Tuesday, November 21, 2006

When We Spent Holidays Together

Here we go, just a few days before Thanksgiving. We're on the heels of another holiday season. While it's great to look ahead and know that memories will be made and joy will be shared, it's almost preferable to look back instead of ahead. That may seem odd, as it's almost always better to look forward than backward. But when you get older and family and friends go away, you really do have something to be thankful for. You should be thankful for the memories of times past as well as those that are to be created in the present or future.

This Thanksgiving Day, we'll be spending the day at my sister-in-laws / brother-in-laws house, and my wife and I are always happy to spend time with them. I'm glad for it for another reason too, as my wife hasn't had the opportunity to spend too many holidays with her family. We've spent more of them with my family than with hers. I feel bad about that, because looking at it, I believe she's been denied the chance to look back when we get older on those times that could have been and probably should have been. She's never, ever complained, but a spouse deserves as much time with their family as with yours.

Why do I think about these things? Because I can sit here and think back to a time that was and remember a dinner table lined with family members who won't share those holiday dinners anymore. As I already mentioned, some have passed away. My father and my grandparents aren't around anymore to spend those holidays with. Some others won't be there because of changes in family situation where they've married and have their own to care for. And like all families, sometimes it's impossible to get everyone together because of someone who can't stand to be in the same room with another or someone said something stupid to another a decade ago and it's still remembered to this day. With many folks having the day off after Thanksgiving, maybe we should have a Forgiveness Day too, a chance for all who harbor ill feelings because of things petty or significant to come together and correct the wrongs.

What will your holidays be like this year? If you say they could be better because of something that can be corrected but hasn't, maybe this is the year to see those things resolved. If you've placed selfish things ahead of family and/or friends, put them aside temporarily. There will be other days and times for those things. Someday the folks you can make the best of things with aren't going to be there anymore. And someday, you may look back at what could have been instead of what should have been. It's always better to make the changes now while they mean something, rather than regret what you can no longer do.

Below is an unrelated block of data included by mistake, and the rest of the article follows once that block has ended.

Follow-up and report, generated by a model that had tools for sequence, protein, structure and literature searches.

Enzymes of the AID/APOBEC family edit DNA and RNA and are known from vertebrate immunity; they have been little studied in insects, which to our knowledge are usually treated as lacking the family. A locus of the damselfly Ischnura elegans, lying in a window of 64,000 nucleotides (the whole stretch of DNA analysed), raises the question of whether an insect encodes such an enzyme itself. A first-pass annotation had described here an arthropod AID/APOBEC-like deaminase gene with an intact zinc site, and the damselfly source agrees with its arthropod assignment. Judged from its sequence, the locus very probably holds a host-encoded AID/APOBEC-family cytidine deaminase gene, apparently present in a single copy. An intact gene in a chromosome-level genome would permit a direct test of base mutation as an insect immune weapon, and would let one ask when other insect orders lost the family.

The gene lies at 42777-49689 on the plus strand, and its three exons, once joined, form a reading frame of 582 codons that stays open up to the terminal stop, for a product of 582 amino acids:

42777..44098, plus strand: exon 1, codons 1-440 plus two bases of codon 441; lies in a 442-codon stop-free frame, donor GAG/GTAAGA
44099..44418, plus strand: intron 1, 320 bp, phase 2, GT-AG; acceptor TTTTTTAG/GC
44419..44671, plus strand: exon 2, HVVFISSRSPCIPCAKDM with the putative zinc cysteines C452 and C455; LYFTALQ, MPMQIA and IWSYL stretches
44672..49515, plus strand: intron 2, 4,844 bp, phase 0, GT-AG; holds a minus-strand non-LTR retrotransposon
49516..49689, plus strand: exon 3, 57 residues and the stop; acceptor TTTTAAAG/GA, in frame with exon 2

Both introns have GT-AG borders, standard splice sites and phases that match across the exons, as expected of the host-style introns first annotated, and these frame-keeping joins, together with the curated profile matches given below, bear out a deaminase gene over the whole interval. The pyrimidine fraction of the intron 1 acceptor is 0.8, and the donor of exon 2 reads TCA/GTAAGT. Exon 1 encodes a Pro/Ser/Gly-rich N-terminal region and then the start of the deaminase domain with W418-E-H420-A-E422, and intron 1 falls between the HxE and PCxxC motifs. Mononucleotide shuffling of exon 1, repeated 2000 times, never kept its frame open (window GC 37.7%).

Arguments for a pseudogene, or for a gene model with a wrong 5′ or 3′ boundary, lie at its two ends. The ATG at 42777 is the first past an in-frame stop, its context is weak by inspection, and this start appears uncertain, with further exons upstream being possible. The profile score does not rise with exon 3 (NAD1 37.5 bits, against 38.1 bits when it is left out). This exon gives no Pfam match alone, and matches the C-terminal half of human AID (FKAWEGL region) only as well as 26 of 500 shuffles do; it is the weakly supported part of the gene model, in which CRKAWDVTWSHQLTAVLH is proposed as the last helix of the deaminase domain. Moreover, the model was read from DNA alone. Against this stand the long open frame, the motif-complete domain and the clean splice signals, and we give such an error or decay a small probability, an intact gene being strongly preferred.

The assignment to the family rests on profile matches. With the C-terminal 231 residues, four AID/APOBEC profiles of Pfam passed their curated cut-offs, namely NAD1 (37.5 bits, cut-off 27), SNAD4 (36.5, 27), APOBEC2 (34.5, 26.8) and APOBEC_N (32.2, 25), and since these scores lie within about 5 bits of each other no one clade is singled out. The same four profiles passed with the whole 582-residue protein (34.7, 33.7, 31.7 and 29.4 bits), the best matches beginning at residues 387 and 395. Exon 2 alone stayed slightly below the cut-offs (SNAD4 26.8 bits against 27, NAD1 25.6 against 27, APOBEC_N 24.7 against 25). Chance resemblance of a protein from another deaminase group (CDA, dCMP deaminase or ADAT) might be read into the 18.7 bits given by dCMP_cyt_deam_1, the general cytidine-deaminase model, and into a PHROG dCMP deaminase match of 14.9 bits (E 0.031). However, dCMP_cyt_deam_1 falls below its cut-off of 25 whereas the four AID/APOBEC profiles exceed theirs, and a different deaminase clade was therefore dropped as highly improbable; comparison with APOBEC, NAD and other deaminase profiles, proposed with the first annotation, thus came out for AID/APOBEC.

...My grandfather roasting nuts in an old 1920s era gas oven in the basement of their home on 17th street. No pilot light, you turned on the gas and lit it quickly or you'd get a nice "whoosh!" from the built up gas igniting.
...Conversation. Everyone stayed in the living room, dining room, or kitchen. No one ran to the sanctuary of their own room once the dinner plates were cleared, and if someone watched TV, we all did, and still talked all day.
...Everyone showing up before noon and not leaving until evening. No rushing to dinner and out the door.
...Two things were always available to drink at my grandparents: a bottle of wine for the adults and a few quarts of Frank's Ginger Ale for the kids (or adults who didn't drink much wine). We didn't guzzle the soda like kids do today. You drank it from maybe 6-ounce glasses or jelly jar glasses (remember the Flintstones glasses that Welch's sold their grape jelly in?) and made it last.
...Wresting in the living room of my grandparents house with my brother and cousin while my grandmother would yell that we were going to hurt each other. We almost never did (I remember one of us hit our heads on the marble coffee table once), but we did get to imitate our favorite wrestlers from Saturday morning TV. Never broke any furniture either.
...A full-course dinner as found in most Italian homes. Macaroni (none dare call it pasta), meatballs, sausage, and bragiole, turkey and stuffing, and then the salad (salad always came last, and always with vinegar and oil, no bottled dressing). Bread fresh from Lanci's Bakery on Jackson St. was always on the table.
...Along with the walnuts, chestnuts, and brazils, cheese from Cilione's (also on Jackson St) was on the table before and after dinner, along with bottles of Jacquin's Anisette and Blackberry Brandy. My grandmother would never let a holiday go by without stopping by the State Store to get bottles of both.
...My grandparent's neighbor Pete always knocking on holidays to say hello and to give my brother, sister, and I a quarter. As we got older, it became half dollars and we looked forward to getting those Kennedy heads, always checking to see if we got a silver one.

I know, the memories all seem like simple stuff, and they are. But they're my memories, those of time spent with people I loved being with and those gone that are really missed. Although they seem simple, I think I'd rather remember things like that than remembering that we spent the day around the PlayStation. And I'd rather see everyone in one room than going from house-to-house. Those times were times well spent.


jnic117 said...

Wow, these memories could easily have been expressed exactly from my own mind. I too remember sharing the holidays with a house full of people and bread from Lanci's and olives, lunchmeat and cheeses from Cillione's. So sad to see those staples of my youth gone now. However, my wife and I have started our own holiday tradition with her family gathering at our house every Christmas Eve. I hope my two sons will look back on these times as fondly as I remember them from my youth.

Brian said...
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